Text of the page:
Foundations for Public Health Course Launch

headshot of Sue Goldie teaching remotely

While the global pandemic has made the Fall of 2020 seem ridden with uncertainty, it has also offered glimmers of hope and purpose. For the incoming students starting at the Harvard T.H. Chan School of Public Health, seeking to join the ranks of epidemiologists, policy professionals, and public health experts, their education began with “Foundations for Public Health,” an online course taught by CHDS Faculty Director Sue J. Goldie.

The genesis for an orientation course began when then Dean Julio Frenk identified the need for a common public health foundation for all incoming graduate-level students and partnered with Goldie to conceptualize the core curriculum and develop the instructional materials over several months, ultimately teaching it together in 2015. Goldie expanded the course into a full online summer course in subsequent years.

Created with an eye towards innovative online pedagogy, the course includes four modules: (1) fundamental principles of population health, (2) health conditions and epidemiological trends, (3) equity and social determinants of health, and (4) responses from the health and non-health sector. The course “unpacks” the critical knowledge areas for public health professionals—including the burden of disease and global governance—and explores how students could apply these core concepts to better understand the rapid changes in public health in the present moment.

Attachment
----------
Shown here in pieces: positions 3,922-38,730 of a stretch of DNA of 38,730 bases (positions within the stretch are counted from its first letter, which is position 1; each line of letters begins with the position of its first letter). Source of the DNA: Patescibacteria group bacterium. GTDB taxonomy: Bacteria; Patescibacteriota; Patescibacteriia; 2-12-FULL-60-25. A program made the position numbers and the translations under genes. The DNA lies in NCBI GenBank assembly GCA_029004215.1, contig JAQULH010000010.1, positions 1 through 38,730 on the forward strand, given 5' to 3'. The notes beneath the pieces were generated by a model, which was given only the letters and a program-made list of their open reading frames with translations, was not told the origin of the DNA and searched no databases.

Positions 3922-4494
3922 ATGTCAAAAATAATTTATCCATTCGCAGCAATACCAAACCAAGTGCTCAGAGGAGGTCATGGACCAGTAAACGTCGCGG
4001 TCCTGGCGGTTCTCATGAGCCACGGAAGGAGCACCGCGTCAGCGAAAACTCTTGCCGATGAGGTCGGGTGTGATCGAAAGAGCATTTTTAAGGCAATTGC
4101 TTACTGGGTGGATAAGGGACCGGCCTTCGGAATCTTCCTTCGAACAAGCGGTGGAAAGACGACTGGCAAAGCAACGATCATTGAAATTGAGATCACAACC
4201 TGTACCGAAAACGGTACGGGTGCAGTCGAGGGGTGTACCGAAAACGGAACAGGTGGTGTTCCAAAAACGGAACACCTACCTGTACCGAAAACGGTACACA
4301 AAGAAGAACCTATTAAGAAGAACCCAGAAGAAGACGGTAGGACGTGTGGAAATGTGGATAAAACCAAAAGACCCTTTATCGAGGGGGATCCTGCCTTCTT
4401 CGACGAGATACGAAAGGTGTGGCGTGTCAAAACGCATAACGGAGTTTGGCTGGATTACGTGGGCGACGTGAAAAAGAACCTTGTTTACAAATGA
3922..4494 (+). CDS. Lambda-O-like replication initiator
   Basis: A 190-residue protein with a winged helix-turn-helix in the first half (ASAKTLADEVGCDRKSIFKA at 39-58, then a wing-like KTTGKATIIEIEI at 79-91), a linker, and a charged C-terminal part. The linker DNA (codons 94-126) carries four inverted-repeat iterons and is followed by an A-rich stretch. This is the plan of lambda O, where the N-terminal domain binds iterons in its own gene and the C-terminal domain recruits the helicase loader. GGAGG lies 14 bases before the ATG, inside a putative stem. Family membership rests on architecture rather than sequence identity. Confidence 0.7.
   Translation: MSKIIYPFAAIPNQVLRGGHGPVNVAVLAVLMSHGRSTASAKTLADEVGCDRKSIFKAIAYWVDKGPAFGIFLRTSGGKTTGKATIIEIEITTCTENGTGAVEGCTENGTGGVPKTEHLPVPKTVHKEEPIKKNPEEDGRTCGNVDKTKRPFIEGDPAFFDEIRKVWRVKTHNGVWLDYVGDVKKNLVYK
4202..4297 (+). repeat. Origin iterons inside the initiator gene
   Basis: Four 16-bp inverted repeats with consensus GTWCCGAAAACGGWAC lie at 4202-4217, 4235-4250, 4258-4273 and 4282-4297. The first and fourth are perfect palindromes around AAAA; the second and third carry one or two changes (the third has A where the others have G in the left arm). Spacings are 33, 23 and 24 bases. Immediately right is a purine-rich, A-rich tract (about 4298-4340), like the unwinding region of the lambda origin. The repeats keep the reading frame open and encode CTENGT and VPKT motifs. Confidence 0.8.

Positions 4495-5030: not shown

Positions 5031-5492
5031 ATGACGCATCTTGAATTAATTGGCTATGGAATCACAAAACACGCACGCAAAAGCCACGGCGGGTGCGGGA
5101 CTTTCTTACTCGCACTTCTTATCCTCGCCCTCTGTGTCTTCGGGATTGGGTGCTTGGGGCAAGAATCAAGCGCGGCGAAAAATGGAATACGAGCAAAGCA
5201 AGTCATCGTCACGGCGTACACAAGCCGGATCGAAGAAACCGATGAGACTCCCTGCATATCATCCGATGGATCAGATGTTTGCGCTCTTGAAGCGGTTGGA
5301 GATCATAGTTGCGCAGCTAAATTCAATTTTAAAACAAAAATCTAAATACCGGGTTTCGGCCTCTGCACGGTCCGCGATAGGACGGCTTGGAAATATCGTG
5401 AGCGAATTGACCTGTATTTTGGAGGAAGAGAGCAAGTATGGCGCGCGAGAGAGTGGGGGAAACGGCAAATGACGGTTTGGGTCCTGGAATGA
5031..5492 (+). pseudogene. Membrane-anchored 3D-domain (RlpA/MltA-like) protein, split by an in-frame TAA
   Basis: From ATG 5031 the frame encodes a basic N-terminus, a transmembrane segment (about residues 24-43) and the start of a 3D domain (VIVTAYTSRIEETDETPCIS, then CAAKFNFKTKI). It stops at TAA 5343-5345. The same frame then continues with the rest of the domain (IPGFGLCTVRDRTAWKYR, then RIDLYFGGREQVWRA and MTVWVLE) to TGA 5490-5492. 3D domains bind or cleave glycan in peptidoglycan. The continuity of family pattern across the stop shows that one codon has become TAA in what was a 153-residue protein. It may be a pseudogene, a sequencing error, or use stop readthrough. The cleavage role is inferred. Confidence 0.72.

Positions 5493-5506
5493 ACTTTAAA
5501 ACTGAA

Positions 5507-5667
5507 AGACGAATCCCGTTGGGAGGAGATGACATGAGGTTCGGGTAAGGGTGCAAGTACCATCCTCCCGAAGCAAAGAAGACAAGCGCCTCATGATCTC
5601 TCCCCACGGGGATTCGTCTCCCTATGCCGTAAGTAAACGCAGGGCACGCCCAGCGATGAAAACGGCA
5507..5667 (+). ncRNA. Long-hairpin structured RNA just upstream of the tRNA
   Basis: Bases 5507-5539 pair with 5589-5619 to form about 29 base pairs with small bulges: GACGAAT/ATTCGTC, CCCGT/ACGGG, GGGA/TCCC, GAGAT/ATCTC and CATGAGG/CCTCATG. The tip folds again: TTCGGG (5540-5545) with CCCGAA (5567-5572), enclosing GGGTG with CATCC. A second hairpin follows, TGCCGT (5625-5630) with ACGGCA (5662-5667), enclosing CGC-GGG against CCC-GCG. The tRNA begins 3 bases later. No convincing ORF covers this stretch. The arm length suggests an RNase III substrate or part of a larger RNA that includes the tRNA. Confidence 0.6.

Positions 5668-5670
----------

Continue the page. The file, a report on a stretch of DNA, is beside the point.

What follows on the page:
Characteristic of Dr. Goldie’s teaching style, the course’s inclusive virtual environment is supported with interactive “knowledge checks,” sketch-notes, conceptual diagrams, and resources curated from the GHELI digital repository and CHDS digital repository. Goldie finds that sketch drawings are a more effective method than simply talking about a concept. “We learn more effectively from words and images than from words alone,” she explains. “We have separate channels in our brains for visual and verbal information, and both have limits on how much can be processed at one time.” She says conceptual diagrams help students organize material into a coherent structure, while the process of drawing allows for information to be presented piece by piece, avoiding what is referred to as “cognitive overload,” which can impede learning. Goldie credits the CHDS Media Hub for integrating cognitivist multimedia design principles into educational videos – many of the methods used emerge from techniques developed over a 3-year period as RDS 202, Harvard’s first online course in decision science, was produced.

More about the CHDS Media Hub

Learn more about multimedia innovation by visiting the CHDS Media Hub, led by Jake Waxman, CHDS’ experimental digital environment to explore, experiment, and prototype creative multimedia approaches for teaching, learning about, and communicating decision science.

Related news: Sue J. Goldie Receives Excellence in Teaching Award
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